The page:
Hey @Jerzee! I should have been more specific as it pertains to the vacuum caps I used. The narrowest sections of the 4mm barbed brass tees and elbow couplers measure 4mm but the raised ridges (meaning the barbs themselves) measure 4.4mm. When connecting this hardware to 3.5mm hose, the connection is very tight. So tight, in fact, it's hard to separate the two. But that's ideal for most of the connections you'll make. When it comes to the caps covering the ports where the manometer hoses connect when syncing throttle bodies, I wanted a slightly less tight connection so I used 4mm (5/32-inch) rubber caps rather than 3.5mm (9/64-inch) caps. The resulting connection is loose enough the caps can easily be pried off without any tools but tight enough they won't pop off by themselves. When searching the web I did not see any 3.5mm rubber automotive caps – plus I wasn't sure which size caps I would need until I got into the job – so I bought a multi-pack to go along with the miscellaneous collection of caps I already had. As a precaution I bought some hose clamps for the caps but thus far I have not needed them because the 4mm elbow-to-4mm rubber cap is plenty secure on its own. That being said, if you go with 4mm rubber caps and want the added security of hose clamps, I got the best fit using 7mm clamps. 8mm clamps also worked – and are probably the correct size technically since the 4mm inner diameter caps have an outer diameter of 8.2mm – but the 7mm clamps seemed more secure. In regards to the 3.5mm caps you found on eBay: Those don't appear to be automotive-grade items designed for an under-hood heat environment. They may work fine but I personally would not take a chance on them. Link to the rubber vacuum caps I bought (I used the 5/32-inch size since that's equivalent to 4mm): https://www.amazon.com/gp/product/B008DZSZK6/ref=ppx_yo_dt_b_asin_title_o01_s00?ie=UTF8&psc=1 These are the hose clamps I used. There were quite a few variety packs available, which would have been more flexible and cost effective, but there were a lot of bad reviews for them. The Uxcell clamps below got better reviews but were not available in multi-packs: https://www.amazon.com/gp/product/B07TPL594N/ref=ppx_yo_dt_b_asin_title_o01_s01?ie=UTF8&psc=1 https://www.amazon.com/gp/product/B07TK7ZVTG/ref=ppx_yo_dt_b_asin_title_o03_s00?ie=UTF8&psc=1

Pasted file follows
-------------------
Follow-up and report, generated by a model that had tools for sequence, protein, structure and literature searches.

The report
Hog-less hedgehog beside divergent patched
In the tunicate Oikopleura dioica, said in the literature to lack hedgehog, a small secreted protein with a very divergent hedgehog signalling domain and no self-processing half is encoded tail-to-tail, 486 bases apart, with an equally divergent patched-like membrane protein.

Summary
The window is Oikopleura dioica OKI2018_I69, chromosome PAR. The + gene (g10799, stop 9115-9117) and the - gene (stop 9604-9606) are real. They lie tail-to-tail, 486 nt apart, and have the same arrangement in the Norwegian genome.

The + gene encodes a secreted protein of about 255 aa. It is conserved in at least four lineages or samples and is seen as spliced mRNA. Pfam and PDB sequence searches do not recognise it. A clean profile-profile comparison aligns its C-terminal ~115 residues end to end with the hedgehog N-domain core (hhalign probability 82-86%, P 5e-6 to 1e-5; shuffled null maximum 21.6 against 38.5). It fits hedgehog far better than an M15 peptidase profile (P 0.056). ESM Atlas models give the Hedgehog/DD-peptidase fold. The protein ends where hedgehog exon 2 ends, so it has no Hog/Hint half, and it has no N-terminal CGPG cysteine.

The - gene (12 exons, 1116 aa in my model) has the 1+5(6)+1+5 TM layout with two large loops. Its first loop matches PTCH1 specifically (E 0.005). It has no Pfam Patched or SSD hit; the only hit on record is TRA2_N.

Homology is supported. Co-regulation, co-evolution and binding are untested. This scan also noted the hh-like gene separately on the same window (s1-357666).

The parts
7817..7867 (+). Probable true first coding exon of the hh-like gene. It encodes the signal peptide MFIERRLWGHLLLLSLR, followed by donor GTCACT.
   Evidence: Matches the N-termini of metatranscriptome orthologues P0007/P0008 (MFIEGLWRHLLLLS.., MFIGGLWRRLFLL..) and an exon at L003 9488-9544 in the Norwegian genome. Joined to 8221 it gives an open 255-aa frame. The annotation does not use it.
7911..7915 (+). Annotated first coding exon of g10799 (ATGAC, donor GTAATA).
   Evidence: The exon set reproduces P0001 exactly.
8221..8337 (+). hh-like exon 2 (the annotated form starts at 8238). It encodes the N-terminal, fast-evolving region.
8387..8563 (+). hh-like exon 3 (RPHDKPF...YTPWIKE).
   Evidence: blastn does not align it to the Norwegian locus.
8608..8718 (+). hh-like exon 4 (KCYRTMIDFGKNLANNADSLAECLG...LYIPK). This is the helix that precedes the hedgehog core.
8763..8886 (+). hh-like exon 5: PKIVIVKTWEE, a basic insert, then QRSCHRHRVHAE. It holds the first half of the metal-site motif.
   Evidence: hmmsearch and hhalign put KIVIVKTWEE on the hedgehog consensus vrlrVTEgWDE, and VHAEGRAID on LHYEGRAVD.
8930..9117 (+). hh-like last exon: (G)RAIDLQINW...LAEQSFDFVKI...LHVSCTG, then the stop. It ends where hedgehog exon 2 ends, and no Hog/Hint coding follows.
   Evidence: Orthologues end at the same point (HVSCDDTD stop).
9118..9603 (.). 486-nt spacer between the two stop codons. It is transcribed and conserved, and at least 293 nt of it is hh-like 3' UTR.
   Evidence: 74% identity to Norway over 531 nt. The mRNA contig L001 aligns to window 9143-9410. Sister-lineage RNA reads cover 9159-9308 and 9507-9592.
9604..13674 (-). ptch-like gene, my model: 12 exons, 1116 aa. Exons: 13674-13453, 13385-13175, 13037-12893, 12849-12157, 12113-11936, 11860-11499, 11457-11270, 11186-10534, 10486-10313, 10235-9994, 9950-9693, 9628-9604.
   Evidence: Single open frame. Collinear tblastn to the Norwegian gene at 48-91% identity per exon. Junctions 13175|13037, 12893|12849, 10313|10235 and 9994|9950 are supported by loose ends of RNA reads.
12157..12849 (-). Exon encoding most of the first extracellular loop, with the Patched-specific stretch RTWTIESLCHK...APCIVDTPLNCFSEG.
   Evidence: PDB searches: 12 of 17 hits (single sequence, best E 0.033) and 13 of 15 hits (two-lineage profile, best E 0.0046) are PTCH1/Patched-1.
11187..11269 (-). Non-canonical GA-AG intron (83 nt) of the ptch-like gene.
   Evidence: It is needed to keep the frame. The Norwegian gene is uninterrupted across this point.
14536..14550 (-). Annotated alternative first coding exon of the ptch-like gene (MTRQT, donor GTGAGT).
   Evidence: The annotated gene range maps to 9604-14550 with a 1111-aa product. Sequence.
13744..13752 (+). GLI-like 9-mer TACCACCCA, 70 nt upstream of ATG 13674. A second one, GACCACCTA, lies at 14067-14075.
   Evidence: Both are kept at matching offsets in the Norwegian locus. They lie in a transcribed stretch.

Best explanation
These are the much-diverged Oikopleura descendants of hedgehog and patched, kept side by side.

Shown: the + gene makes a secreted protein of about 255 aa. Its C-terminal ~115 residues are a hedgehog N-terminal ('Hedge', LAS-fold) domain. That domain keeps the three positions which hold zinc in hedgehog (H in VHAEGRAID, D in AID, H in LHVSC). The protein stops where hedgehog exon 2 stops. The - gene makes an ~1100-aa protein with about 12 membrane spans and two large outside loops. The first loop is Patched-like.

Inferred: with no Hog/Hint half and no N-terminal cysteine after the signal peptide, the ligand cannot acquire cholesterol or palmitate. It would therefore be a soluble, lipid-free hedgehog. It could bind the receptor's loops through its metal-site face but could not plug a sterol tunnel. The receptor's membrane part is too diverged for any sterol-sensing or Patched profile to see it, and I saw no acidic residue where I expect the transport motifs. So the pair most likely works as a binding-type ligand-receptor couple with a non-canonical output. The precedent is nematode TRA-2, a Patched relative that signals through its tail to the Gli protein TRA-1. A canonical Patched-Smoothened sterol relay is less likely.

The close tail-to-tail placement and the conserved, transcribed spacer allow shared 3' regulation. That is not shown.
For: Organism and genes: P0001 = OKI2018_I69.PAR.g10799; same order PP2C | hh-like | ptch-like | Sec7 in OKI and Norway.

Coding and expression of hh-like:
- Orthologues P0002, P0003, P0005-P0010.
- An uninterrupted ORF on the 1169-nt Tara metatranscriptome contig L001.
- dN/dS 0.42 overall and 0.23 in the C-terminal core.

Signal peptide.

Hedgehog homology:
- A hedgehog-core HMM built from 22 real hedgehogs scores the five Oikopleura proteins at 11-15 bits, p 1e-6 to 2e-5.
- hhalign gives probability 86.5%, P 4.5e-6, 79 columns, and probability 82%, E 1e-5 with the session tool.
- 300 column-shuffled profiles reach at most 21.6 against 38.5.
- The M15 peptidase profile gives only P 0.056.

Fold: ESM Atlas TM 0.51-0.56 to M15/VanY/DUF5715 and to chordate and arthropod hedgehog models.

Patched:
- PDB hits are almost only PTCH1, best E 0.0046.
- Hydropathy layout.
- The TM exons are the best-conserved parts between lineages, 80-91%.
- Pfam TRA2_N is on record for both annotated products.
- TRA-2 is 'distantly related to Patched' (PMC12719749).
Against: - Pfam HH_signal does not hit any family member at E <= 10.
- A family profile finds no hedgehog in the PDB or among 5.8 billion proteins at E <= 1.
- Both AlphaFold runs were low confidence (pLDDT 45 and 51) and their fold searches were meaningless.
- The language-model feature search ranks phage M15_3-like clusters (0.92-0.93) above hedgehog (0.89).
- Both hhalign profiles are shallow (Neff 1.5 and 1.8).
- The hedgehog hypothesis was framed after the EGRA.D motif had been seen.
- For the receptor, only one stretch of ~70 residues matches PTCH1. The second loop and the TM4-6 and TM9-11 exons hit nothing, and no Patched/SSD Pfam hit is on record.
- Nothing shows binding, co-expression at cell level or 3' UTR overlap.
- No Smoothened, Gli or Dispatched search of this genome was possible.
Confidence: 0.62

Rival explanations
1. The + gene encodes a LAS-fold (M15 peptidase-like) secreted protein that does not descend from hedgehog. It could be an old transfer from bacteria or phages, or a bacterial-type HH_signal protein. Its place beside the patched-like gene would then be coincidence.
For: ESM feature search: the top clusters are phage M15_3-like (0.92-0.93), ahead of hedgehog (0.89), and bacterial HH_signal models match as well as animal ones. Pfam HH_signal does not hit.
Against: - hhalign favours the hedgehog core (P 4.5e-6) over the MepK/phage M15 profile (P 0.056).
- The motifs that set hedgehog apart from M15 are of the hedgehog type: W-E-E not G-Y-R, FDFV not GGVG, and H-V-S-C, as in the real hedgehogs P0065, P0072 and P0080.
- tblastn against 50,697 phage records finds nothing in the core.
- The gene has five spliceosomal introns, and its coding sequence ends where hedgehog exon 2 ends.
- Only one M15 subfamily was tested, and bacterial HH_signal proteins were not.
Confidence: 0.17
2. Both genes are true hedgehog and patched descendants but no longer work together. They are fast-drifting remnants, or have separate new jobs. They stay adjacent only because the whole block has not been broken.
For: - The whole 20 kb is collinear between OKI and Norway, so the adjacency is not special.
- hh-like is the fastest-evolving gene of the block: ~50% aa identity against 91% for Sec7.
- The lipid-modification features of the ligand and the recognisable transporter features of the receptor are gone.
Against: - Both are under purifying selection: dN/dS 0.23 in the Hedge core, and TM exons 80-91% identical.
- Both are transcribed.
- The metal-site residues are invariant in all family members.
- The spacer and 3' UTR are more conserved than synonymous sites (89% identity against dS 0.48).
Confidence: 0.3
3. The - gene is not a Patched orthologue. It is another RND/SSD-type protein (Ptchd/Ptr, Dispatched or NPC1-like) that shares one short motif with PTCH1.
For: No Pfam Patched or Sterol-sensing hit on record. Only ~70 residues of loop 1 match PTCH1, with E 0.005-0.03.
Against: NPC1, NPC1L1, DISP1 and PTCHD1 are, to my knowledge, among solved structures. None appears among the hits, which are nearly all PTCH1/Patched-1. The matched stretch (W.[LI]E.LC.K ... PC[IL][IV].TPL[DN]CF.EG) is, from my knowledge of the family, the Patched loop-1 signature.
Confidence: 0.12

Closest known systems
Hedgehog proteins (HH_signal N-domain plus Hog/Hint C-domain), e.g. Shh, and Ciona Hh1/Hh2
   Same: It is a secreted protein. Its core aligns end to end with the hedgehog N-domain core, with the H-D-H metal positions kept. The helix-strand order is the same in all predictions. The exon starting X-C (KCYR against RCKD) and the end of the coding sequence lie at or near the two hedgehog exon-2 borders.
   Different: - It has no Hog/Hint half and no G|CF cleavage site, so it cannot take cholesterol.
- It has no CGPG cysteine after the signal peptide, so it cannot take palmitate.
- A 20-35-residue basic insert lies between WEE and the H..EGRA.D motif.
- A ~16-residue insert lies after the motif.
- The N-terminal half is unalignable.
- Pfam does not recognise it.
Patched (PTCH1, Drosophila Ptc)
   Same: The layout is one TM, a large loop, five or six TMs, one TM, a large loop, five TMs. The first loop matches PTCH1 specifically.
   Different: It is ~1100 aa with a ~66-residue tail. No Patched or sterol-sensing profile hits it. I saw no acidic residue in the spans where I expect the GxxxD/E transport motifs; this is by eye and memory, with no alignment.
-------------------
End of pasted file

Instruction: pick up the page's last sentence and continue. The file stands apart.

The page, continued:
46. 2 points
    I never had mine on a dyno, but I’m hearing most people are getting 85-87 HP ... That intake was the BEST $300 that I spent on my bike!!! Hands-down, it’s the best bang for the buck, nothing else even comes close -
  47. 2 points
    Tired of this even being brought up. Water droplets are too big to pass thru filter media period
  48. 2 points
    Money says your gauntlet/cuff/zipper pull or something bumped your kill switch. Ride it.
  49. 2 points
    I'm a bit skeptical of that kit for the price, when it's simply springs and preload adjusters (which you can buy cheaply). The stock springs are 0.87 kg, which is nearly spot on for your weight (assuming you ride this on the road and not just track). If you went up to 0.9 kg you wouldn't notice any difference. The real problem is the front end's lack of damping. I fitted Cogent's DDC valves (emulators), they made a very positive difference, it would be more cost effective to install some emulators over the FSK100 kit in my opinion. I now have full cartridges which have improved the front end again (my bike is used on road and track).
  50. 2 points
    I recently set about doing a throttle body sync today, and needed to fully remove the fairings around the tank on my 2018, and realized there's basically no videos or guides showing this with the newer model, and it differs pretty substantially from the earlier models for which videos and guides abound. So, without further ado: Removing the tank fairings on the 2018+ MT07! First, remove the seats. Screws 1 and 2 are at the base of the seat - release the passenger seat, then remove these two screws, and remove the seat. Next, remove the screws on the sides of the scoops: Then the screws at the front of the scoops. Note, only the marked screws (one on each side) not the silver screws. Then you can pop the scoops off. Pull out at the bottom first to release the big pins in the rubber grommets (see photos) then pop out the clips along the top of the scoop. Because you've taken the pins on the bottom out first, you can tilt the bottom of the scoop away from the bike just a little bit to help pop the top clips out (note their shape) - only tilt the scoop a little, you don't want to snap the clips off! Be gentle. With the clips, I find it helps to start at the rearmost one, and pop them out one at a time working forward. Now you've got the scoops off, there's just 4 more screws to go and you're done. First, pop the two screws off the top of the tank, just forward of the filler: Then the two screws at the front of the fairing: And it's free! There are no more screws or clips, you can pull the centerpiece and both side colored panels off as a single unit. You may need to pull the seat-side bottom edges out a bit (it sits on rubber bumpers attached to the chrome bracket that holds the back of the tank down, so you have to lift the edges of the fairing out over those bumpers) and the front edges by the forks need to be worked around cables. Just gently work the cover off, and voila! I hope this helps someone. The first time I did this, I took out WAY WAY too many screws, silly pushpins, and other such stuff. In fact, the only reason you need to pop the scoops off is to get at the screws at the front of the fairing (11 and 12 above). If not for those two screws, you could take the whole fairing off - scoops and all - in a single piece.